Manufacturing Bits: Feb. 20

Hedgehog spin-vortex crystals; magic spectroscopy.


Hedgehog spin-vortex crystals
The U.S. Department of Energy’s Ames Laboratory has discovered a missing piece to enable novel superconductor devices–the hedgehog spin-vortex crystal phase.

Superconductors are devices that have zero electrical resistance, making them attractive for a range of applications. But superconductors must be cooled down to temperatures at or near absolute zero on the Kelvin scale to work.

Then, there is a class of unconventional iron-based superconductivity devices where magnetism plays a key role. According to Ames Laboratory, based in Ames, Iowa, there are three types of magnetic orders in these devices–stripe-type spin-density wave (SSDW), spin-charge-density wave (SCDW) and spin-vortex crystal (SVC).

SSDW and SCDW have been observed in the lab, but SVC has not. But in a possible breakthrough, Ames Lab has observed a magnetic phase consistent with the hedgehog variation in the SVC order in nickel- and cobalt-doped CaKFe4As4.

The iron arsenide CaKFe4As4 has strong superconducting characteristics. The nickel- and cobalt-doped materials alter the magnetic order, but it retains its superconducting properties.

Image of hedgehog spin-vortex crystals in action (Source: Ames Lab)

The technology could enable higher temperature superconductive devices. “In the research of quantum materials, it’s long been theorized that there are three types of magnetism associated with superconductivity. One type is very commonly found, another type is very limited and only found in rare situations, and this third type was unknown, until our discovery,” said Paul Canfield, a senior scientist at Ames Laboratory and a Distinguished Professor and the Robert Allen Wright Professor of Physics and Astronomy at Iowa State University.

“The resources of the national laboratories were essential for providing for the diversity of techniques needed to reveal this new magnetic state,” said Canfield. “We’ve been able to stabilize it. It’s robust, and now we’re able study it. We think by understanding the three different types of magnetism that can give birth to iron-based superconductors, we’ll have a better sense of the necessary ingredients for this kind of superconductivity.”

Magic spectroscopy
In a separate effort, Ames Laboratory has received funding to study materials using a new technique in solid-state nuclear magnetic resonance (NMR) spectroscopy.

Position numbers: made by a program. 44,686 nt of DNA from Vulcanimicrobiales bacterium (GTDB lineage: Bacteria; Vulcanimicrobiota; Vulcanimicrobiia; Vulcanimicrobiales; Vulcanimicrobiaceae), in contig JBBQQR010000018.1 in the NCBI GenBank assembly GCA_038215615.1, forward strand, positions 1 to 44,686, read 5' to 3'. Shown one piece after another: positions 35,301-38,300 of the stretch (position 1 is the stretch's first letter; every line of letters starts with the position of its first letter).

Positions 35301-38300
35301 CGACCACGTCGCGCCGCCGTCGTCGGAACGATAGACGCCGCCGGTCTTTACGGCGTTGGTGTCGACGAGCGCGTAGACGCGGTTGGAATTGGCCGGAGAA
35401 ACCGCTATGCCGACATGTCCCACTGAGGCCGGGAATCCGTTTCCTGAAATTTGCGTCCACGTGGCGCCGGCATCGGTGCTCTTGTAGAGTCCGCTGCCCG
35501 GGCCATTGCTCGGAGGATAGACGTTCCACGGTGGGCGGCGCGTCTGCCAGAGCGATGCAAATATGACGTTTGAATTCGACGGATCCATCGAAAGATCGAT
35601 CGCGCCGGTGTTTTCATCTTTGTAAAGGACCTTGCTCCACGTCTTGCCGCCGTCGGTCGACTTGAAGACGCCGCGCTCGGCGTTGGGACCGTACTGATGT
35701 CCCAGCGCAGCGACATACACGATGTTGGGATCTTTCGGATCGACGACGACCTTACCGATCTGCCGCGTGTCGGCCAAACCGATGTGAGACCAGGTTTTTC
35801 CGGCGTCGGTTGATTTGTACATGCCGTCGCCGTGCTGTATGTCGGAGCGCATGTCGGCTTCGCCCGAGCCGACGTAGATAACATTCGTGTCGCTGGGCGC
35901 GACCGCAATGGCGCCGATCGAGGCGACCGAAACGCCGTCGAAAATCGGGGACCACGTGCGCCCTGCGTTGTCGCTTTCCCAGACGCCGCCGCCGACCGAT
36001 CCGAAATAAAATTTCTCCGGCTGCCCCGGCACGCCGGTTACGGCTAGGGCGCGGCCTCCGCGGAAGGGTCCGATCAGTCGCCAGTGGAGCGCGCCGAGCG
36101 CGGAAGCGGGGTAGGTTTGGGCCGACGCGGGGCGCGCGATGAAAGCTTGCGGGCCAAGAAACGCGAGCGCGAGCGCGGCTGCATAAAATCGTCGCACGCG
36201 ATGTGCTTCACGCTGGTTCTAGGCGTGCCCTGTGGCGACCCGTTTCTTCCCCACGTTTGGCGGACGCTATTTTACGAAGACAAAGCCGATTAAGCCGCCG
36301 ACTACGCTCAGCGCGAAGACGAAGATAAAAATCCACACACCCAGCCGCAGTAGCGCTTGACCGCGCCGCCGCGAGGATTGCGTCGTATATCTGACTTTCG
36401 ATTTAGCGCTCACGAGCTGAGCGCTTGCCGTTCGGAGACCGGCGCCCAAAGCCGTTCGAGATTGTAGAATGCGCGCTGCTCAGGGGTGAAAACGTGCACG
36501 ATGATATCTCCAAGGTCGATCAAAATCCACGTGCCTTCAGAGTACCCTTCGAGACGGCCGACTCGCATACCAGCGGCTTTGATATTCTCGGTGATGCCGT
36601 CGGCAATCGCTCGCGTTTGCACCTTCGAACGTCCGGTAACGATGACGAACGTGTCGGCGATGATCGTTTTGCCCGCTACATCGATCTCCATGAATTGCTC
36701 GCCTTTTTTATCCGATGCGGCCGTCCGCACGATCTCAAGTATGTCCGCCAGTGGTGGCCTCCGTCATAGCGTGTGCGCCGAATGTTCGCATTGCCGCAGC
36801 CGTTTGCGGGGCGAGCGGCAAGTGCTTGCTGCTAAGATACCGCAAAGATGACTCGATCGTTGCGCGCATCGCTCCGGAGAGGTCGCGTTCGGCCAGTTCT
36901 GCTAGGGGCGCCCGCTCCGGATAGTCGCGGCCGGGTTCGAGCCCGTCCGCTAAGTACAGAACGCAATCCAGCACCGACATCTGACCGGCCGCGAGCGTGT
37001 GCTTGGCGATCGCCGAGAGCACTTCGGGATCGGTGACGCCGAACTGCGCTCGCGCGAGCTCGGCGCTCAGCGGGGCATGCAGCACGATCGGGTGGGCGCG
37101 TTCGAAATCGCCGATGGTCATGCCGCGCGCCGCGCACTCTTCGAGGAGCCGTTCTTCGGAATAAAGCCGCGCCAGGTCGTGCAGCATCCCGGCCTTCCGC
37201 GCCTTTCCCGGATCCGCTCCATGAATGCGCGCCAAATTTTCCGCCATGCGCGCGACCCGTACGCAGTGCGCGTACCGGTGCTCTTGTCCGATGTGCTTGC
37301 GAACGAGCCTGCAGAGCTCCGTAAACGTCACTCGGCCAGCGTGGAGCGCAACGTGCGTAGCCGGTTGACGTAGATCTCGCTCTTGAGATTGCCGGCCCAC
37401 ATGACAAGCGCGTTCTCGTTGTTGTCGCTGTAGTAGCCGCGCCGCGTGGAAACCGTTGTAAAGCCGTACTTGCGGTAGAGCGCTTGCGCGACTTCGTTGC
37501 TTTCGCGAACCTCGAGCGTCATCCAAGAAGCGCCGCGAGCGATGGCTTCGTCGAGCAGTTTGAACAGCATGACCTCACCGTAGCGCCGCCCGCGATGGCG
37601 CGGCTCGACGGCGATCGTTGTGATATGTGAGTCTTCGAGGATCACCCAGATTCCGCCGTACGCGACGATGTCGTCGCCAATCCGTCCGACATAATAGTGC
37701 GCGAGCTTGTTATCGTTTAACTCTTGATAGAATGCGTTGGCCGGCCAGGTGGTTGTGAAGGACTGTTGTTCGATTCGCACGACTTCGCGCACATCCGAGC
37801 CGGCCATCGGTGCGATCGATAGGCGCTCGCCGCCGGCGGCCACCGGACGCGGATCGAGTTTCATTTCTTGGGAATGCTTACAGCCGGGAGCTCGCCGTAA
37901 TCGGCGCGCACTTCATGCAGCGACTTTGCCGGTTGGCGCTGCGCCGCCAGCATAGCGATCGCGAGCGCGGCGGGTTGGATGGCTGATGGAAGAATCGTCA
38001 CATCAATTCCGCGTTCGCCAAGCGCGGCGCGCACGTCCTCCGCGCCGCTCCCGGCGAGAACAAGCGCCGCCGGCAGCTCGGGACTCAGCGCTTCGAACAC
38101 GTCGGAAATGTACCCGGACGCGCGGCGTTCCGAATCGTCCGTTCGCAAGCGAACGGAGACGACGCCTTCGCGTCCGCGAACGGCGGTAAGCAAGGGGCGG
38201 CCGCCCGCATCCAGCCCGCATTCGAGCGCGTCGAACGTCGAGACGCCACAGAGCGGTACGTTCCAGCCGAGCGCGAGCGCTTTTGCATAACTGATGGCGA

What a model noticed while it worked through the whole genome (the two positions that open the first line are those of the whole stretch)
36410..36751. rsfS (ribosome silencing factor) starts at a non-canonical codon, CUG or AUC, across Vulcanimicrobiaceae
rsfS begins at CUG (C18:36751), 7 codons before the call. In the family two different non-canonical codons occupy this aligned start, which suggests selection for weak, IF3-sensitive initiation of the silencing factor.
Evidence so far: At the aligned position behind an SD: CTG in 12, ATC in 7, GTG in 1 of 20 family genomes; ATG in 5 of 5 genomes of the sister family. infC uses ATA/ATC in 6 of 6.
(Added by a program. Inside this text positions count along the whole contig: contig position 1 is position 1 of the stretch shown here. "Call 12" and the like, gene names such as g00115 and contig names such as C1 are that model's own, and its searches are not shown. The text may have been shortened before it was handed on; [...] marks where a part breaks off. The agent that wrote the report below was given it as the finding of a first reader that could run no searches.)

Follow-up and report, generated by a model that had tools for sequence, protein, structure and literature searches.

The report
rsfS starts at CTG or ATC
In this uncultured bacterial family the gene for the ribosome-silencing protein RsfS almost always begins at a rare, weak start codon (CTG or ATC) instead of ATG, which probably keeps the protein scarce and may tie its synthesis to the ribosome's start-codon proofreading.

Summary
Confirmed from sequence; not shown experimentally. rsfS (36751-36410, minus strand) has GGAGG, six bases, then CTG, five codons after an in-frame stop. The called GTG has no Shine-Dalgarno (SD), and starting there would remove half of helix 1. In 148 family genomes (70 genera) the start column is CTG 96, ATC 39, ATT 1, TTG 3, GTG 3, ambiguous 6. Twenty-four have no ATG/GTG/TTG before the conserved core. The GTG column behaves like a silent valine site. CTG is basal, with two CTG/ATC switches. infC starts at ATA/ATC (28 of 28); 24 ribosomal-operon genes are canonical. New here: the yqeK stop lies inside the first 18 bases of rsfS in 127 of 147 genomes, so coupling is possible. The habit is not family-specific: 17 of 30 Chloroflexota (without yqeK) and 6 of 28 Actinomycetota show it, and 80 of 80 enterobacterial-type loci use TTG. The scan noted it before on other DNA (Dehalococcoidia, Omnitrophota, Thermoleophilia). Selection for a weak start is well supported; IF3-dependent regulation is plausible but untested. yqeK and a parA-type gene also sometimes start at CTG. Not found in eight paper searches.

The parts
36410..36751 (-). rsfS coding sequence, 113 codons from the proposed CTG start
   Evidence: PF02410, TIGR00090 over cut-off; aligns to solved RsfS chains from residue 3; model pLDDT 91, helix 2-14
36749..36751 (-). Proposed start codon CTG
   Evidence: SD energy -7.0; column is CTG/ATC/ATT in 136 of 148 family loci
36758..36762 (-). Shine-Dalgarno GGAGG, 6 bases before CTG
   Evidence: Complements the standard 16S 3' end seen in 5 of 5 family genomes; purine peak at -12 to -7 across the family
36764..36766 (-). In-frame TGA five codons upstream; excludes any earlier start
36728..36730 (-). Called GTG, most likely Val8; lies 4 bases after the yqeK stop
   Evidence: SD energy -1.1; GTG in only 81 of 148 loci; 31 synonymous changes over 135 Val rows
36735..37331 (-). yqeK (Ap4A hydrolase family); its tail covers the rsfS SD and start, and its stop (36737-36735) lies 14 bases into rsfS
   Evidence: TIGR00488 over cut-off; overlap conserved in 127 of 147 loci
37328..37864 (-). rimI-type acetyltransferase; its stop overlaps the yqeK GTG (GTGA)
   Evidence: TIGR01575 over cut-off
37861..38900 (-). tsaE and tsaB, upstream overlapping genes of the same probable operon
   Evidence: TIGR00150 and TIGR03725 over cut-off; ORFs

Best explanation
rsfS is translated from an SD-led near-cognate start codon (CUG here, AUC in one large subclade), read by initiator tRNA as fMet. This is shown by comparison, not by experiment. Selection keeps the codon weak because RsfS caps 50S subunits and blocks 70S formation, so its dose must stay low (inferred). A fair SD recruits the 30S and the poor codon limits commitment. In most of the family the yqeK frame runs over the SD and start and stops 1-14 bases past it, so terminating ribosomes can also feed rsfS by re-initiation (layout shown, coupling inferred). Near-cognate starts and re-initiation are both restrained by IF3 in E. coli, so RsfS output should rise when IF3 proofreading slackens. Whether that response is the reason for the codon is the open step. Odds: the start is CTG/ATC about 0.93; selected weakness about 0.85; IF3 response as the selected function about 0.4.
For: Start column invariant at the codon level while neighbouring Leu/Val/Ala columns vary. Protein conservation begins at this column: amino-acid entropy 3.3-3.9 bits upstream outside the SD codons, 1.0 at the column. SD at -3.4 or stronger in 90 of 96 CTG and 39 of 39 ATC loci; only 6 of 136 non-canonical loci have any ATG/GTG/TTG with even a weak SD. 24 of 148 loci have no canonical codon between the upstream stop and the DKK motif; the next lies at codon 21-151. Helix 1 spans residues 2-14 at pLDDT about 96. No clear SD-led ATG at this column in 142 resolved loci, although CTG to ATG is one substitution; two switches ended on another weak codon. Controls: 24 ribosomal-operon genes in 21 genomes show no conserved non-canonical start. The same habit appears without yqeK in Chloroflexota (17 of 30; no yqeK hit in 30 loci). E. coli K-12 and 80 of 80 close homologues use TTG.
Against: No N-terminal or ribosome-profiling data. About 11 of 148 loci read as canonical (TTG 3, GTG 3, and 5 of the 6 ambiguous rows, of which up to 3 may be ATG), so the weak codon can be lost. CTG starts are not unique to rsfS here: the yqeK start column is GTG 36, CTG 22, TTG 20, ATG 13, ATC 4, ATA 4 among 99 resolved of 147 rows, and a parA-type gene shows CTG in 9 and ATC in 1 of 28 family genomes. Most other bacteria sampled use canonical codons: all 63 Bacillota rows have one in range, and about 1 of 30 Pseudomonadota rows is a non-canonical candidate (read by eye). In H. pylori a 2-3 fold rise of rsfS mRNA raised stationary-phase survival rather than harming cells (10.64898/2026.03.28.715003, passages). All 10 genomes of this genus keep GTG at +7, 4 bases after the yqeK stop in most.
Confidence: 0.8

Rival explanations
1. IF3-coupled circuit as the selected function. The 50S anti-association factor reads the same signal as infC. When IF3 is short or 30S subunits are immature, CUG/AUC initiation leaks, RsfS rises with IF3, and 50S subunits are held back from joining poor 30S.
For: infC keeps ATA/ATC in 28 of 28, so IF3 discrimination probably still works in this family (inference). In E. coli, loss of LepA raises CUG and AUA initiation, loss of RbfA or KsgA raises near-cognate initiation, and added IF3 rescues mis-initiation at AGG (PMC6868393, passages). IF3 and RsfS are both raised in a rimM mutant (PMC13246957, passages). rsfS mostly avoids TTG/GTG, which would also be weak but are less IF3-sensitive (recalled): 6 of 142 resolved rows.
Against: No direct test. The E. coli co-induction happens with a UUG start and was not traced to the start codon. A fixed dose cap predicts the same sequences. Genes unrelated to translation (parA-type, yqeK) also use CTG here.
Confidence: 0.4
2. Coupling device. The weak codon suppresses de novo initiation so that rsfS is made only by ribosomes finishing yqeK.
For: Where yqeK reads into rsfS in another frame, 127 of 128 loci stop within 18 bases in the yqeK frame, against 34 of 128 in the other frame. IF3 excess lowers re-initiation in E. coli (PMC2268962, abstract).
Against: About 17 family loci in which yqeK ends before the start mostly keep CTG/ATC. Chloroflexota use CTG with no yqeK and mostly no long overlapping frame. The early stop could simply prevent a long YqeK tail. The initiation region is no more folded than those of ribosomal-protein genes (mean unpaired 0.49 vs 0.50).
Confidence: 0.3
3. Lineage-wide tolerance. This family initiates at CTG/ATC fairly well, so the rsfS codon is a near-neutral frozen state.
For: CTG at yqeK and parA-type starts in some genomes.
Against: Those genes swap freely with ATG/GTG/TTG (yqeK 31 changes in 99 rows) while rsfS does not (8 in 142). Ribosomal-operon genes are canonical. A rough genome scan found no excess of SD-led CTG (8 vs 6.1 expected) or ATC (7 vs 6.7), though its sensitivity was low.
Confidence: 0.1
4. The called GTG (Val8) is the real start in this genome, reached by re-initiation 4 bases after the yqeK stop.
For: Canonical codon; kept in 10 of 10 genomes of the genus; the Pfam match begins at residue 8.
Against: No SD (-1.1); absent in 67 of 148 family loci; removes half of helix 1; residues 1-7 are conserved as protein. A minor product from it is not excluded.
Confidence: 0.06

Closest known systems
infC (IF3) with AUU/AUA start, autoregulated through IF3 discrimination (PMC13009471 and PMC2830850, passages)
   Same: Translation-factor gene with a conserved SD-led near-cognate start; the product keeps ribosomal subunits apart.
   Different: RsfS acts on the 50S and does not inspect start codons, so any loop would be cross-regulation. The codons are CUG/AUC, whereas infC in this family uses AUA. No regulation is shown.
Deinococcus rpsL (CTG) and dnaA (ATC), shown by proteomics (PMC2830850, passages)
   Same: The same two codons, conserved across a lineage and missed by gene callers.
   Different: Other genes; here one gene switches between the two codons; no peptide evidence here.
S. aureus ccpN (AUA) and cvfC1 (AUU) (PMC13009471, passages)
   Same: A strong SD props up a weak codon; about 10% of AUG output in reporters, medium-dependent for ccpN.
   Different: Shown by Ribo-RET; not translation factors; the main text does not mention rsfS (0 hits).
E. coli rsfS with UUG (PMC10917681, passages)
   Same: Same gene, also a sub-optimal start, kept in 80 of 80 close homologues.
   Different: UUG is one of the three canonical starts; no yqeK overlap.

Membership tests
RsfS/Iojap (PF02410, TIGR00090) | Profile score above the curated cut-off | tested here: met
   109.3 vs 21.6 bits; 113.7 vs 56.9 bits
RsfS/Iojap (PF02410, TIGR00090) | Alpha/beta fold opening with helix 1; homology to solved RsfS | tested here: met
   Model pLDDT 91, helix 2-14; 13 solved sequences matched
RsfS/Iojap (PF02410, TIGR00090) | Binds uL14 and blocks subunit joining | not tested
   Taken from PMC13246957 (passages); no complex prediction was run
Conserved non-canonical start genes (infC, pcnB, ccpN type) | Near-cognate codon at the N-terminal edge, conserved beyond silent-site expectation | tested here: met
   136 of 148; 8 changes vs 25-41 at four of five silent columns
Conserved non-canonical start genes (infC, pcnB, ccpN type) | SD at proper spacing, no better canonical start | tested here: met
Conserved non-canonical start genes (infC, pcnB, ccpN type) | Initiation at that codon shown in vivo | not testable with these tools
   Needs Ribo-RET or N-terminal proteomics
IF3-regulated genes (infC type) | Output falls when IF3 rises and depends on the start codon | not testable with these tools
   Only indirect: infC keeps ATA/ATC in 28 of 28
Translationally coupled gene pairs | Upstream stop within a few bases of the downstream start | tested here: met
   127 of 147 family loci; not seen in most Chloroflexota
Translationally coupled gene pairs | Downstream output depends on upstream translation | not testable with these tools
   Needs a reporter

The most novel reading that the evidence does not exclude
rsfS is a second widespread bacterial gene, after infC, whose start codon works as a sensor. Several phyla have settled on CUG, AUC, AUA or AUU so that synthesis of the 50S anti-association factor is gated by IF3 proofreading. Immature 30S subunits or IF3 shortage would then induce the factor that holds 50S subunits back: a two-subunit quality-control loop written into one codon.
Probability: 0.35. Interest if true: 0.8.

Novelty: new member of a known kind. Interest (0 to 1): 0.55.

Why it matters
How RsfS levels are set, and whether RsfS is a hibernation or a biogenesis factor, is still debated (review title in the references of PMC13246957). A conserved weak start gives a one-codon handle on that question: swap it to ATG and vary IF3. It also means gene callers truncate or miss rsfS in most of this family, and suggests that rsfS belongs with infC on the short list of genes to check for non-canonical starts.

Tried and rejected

The technique is called ultrafast magic-angle spinning (UFMAS). NMR is sometimes confused with magnetic resonance imaging (MRI). MRI is used in medicine.

In contrast, NMR or nuclear magnetic resonance probes the nuclei of atoms. The nuclei of atoms are probed as they absorb and re-emit radio waves when they are moved into a magnetic field. Those nuclei resonate at measurable radio-frequencies.

For this work, Ames Laboratory uses an in-house DNP-NMR spectrometer. “DNP” stands for dynamic nuclear polarization. This method uses microwaves. DNP-NMR enables high sensitivity and faster measurements. It is possible to measure the distances in between atoms within a trillionth of a meter.

In its latest efforts, Ames will use DNP-NMR with a new technique called UFMAS. UFMAS relies on spinning a sample at high frequencies (>6 million RPM), according to researchers.

UFMAS improves NMR technology. “Many new materials have been developed in the past decade to address needs for energy conversion and storage,” said Aaron Rossini, a scientist at Ames Laboratory, and a professor of chemistry at Iowa State University. “However, there is still a lot we don’t know about how these materials function. We want to change that and bring new information to the table that will be used to optimize these materials.

“Our work could have far-reaching impact on a lot of fields, in electronics, lighting, solar cells, nanoparticle design, materials with a variety of energy applications,” said Rossini. “If we are able to explain how structure and function are related, we can help direct intelligent materials design.”

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